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Preference aggregation in the ridesharing domain

Asproudi Antigoni

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Year 2023
Type of Item Diploma Work
Bibliographic Citation Antigoni Asproudi, "Preference aggregation in the ridesharing domain", Diploma Work, School of Electrical and Computer Engineering, Technical University of Crete, Chania, Greece, 2023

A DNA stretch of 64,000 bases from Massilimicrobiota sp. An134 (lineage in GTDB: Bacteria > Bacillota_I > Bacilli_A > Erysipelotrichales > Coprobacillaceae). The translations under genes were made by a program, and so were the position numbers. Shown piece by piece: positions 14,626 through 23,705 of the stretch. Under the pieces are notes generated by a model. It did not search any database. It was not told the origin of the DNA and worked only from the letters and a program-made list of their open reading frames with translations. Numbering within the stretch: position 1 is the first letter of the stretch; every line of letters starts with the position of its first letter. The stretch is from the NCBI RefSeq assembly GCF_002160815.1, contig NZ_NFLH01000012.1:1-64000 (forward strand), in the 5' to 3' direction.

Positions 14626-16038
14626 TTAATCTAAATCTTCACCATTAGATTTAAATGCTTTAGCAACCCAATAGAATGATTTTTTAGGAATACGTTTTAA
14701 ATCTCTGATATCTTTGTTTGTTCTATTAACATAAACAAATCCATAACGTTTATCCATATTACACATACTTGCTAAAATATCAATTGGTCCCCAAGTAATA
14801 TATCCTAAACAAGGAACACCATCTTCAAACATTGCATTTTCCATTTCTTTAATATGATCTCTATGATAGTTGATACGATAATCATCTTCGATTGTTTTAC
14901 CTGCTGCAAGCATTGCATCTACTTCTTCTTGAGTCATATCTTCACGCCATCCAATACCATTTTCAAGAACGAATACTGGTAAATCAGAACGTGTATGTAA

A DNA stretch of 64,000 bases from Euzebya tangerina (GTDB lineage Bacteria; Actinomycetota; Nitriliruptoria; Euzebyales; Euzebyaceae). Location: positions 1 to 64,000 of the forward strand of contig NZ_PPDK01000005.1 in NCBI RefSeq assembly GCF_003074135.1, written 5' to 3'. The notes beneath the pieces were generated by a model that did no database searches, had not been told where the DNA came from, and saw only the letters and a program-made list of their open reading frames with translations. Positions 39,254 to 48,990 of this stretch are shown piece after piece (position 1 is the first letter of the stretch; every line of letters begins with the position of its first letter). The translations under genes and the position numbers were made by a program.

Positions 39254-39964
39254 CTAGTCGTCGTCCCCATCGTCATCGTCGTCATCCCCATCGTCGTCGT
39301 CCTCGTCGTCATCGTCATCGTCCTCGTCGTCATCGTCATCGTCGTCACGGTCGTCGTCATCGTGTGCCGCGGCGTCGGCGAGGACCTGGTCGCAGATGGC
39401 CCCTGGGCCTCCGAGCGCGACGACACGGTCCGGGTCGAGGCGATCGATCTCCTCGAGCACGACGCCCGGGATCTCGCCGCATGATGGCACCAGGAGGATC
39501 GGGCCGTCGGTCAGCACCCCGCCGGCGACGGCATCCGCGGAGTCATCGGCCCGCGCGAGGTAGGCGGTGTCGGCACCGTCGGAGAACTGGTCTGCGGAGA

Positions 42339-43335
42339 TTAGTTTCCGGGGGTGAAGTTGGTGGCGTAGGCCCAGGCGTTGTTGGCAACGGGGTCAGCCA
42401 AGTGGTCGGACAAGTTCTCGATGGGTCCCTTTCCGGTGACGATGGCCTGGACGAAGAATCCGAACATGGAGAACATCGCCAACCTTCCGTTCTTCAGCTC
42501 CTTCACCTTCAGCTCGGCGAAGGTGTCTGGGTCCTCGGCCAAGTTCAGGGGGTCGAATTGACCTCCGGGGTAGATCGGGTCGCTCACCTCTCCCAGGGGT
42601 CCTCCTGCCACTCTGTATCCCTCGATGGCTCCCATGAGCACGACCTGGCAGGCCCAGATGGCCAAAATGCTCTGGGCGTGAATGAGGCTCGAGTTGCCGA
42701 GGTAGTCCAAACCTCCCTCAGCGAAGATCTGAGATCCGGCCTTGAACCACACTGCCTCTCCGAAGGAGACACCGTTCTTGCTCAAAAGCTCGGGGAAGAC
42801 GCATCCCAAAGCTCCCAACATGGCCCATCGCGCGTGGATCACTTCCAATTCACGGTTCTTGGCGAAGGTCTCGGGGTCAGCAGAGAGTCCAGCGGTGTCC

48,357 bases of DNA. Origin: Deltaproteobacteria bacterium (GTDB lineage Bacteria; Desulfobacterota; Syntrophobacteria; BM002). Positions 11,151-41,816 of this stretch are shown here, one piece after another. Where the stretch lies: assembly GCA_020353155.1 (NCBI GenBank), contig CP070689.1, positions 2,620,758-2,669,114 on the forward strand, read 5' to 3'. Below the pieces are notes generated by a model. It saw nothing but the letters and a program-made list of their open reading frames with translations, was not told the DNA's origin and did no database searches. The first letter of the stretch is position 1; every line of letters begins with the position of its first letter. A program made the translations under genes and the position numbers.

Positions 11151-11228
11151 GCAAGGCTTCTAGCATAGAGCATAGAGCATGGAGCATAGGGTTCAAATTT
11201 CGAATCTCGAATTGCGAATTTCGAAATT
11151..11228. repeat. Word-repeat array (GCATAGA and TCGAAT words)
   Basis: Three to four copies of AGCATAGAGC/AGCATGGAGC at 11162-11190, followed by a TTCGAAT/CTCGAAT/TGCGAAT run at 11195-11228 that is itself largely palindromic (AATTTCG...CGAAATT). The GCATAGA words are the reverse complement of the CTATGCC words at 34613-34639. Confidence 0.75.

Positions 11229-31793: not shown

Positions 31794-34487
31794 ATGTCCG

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Traditional ridesharing approaches involve the matching of drivers and passengers based on their itineraries and schedules. The objective is to share the trip cost while also minimizing time delays and the extra distance covered by the driver when accommodating the passengers. It serves as a flexible and economical alternative to traditional means of transportation, offering environmental and congestion-friendly benefits, as with more individuals sharing rides, the number of vehicles on the streets is reduced. In this thesis, we approach the ridesharing problem considering spatial criteria while also incorporating agents' preferences regarding the characteristics of their co-riders. This includes matching between passengers through preference aggregation in order to determine which ones should share each vehicle. Preference satisfaction is essential in our work, enhancing the overall ride experience and contributing to riders' sense of safety by taking into account their preferences regarding potential co-riders. Rooted in game-theoretic concepts, our approach produces core-stable matches and kernel-stable payment allocations of the trip cost. Hypergraphs are employed to identify passengers located in the same area as the driver. Through experiments involving variations in the shape of the area from which the driver can accommodate passengers, we assess its impact on the extra distance covered. Employing the Gale-Shapley algorithm, we match drivers with passengers, ensuring outcomes are in the core. To plan the coalition's route, we apply a Branch and Bounce algorithm to find the optimal sequence of stops the driver has to make to minimize the cost of the trip. Dijkstra's algorithm connects these stops to form the final path. Subsequently, the trip cost is divided fairly among commuters in each vehicle using the ``kernel" cooperative game-theoretic solution concept. The performance of our work is tested in simulations run in the city of Chania, for a range of 800 to 2500 agents. The results indicate that our implementation outperforms previous work in terms of preference satisfaction. Moreover, it efficiently matches agents, with an average of around three passengers per vehicle, contributing to the minimization of the volume of vehicles in the streets. Ultimately, the rise in the extra distance covered by the driver is maintained at an acceptable level and the driver's cost for the trip is effectively reduced.

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